Monday, November 19, 2007
Q&A: Nuria Net
Today I spoke with Nuria Net, writer-associate producer for MTV Tr3s Radio and co-founder of NYremezcla. Nuria knows the ins and outs of Latin Alternative music and Latin music in general. In fact, Latin Alternative music drove her to become a journalist and start her website. I spoke with her about her favorite acts, her must-have CD's, and the future of Latin Alternative music. Here's what she had to say:
Q: Who do you consider Latin Alternative's top acts?
A: Calle 13; they can be considered alternative even though they are considered mainstream because they do whatever they want, they play different genres, and they have their asthetic. This past album had some reggae and some funk, and they had some tango and some cumbia.
Another group is Porter. I found them on myspace. They're now big in Mexico and we got their album mp3 by downloading. I really like them because they're like rock but they're really wierd; the singer has a wierd voice, they sing in English and Spanish, and their music has some classical music elements. They're from Guadalajara and they're indie so they don't have a major label.
I really like Zoé and they've been around for a long time. They've been through all sorts of record deals and they [the labels] didn't know what to do with them. Two years ago they had an EP that went gold and now they were nominated for a Latin Grammy. What they say is they've learned that it's about them doing their music, they're not going to follow any labels, and they learned that they can't rely on anyone. Their last album was super tight and the best of their career. They came to terms with themselves and were able to put out a great album.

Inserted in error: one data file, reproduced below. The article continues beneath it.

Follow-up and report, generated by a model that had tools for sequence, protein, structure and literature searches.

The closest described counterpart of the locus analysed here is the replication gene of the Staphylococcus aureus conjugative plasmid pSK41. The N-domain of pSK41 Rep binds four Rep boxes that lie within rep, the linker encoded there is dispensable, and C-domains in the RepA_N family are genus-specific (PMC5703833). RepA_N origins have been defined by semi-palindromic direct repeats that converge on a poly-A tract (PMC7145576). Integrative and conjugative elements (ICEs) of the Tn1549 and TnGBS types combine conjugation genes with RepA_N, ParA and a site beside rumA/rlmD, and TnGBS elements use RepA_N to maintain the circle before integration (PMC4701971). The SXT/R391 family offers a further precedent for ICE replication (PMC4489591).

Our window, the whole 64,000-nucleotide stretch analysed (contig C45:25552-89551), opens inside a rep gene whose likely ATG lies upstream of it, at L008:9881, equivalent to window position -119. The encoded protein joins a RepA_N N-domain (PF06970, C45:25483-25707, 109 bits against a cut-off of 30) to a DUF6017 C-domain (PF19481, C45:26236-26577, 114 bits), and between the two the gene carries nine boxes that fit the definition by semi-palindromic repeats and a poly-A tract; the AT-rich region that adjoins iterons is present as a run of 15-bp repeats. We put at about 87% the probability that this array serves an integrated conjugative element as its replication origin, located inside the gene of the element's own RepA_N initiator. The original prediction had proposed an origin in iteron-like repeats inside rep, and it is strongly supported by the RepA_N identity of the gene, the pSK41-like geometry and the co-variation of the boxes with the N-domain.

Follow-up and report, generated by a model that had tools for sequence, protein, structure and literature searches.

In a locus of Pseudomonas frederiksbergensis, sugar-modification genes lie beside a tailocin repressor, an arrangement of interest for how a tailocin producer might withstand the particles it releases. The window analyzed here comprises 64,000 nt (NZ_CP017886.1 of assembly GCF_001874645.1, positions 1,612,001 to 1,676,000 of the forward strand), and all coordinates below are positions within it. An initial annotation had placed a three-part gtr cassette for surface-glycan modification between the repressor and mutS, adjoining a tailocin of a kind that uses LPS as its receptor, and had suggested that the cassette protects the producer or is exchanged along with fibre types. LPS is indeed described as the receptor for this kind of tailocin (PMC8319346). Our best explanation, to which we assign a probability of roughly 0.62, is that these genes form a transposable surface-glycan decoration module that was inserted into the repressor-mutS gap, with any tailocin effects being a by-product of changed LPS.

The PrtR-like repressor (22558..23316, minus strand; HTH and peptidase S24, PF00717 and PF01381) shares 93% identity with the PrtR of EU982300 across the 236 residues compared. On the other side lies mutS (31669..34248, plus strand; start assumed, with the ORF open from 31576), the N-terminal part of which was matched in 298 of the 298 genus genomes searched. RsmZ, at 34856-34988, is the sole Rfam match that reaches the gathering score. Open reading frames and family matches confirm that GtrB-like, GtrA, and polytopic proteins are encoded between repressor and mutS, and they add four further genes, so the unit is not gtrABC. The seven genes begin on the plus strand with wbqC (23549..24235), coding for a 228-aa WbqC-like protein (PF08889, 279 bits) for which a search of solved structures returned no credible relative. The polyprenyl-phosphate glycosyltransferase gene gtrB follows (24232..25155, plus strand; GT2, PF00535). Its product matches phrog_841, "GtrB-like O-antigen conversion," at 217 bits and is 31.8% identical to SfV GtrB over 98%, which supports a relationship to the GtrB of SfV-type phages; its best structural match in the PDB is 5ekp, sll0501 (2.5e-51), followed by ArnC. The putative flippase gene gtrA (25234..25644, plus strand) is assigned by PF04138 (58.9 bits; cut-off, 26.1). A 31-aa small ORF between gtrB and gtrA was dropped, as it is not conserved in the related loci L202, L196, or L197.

Q: What are your must have Latin Alternative CD's?
A: Café Tacvba - Re
[1994 - called "the equivalent of the Beatles White Album for the rock en español movement" by the New York Times]
Calle 13 - Calle 13
[2005 - Calle 13's first album, criticized for its vulgar lyrics the album still sold 350,000 copies worldwide]
Babasónicos - all albums
[Babasónicos is a popular Argentinean rock band that has been around since 1991]
Q: Where do you see the Latin Alternative music going?
A: I see it being more fragmented. I don't see it as a movement really. Because of the internet, and myspace and all that bands like Porter are able to make it without the help of labels, so the artists are going to be able to survive because of the internet and they're only going to keep going. So all these young people making music have a better chance than 10 years ago of being exposed even though the labels aren't going to pay attention, and the media coverage will still be minimal. Latin Alternative has more of a cult following, it's not one genre, it's many different things. It's never going to be pop or reggaeton; it's more than dancing and asthetic. With the internet, Nacional [the only Latin Alternative label in the U.S.] can compete with the bigger companies. [Latin Alternative] appeals to a lot of non-Latinos. A lot of the time the anglo media plays the songs more than the Spanish media so they [Nacional] liscense the songs for TV shows and movies. In '95 it would have been crazy to think Manu Chao could win a grammy because it [Latin Alternative] was so underground, now he's become a household name.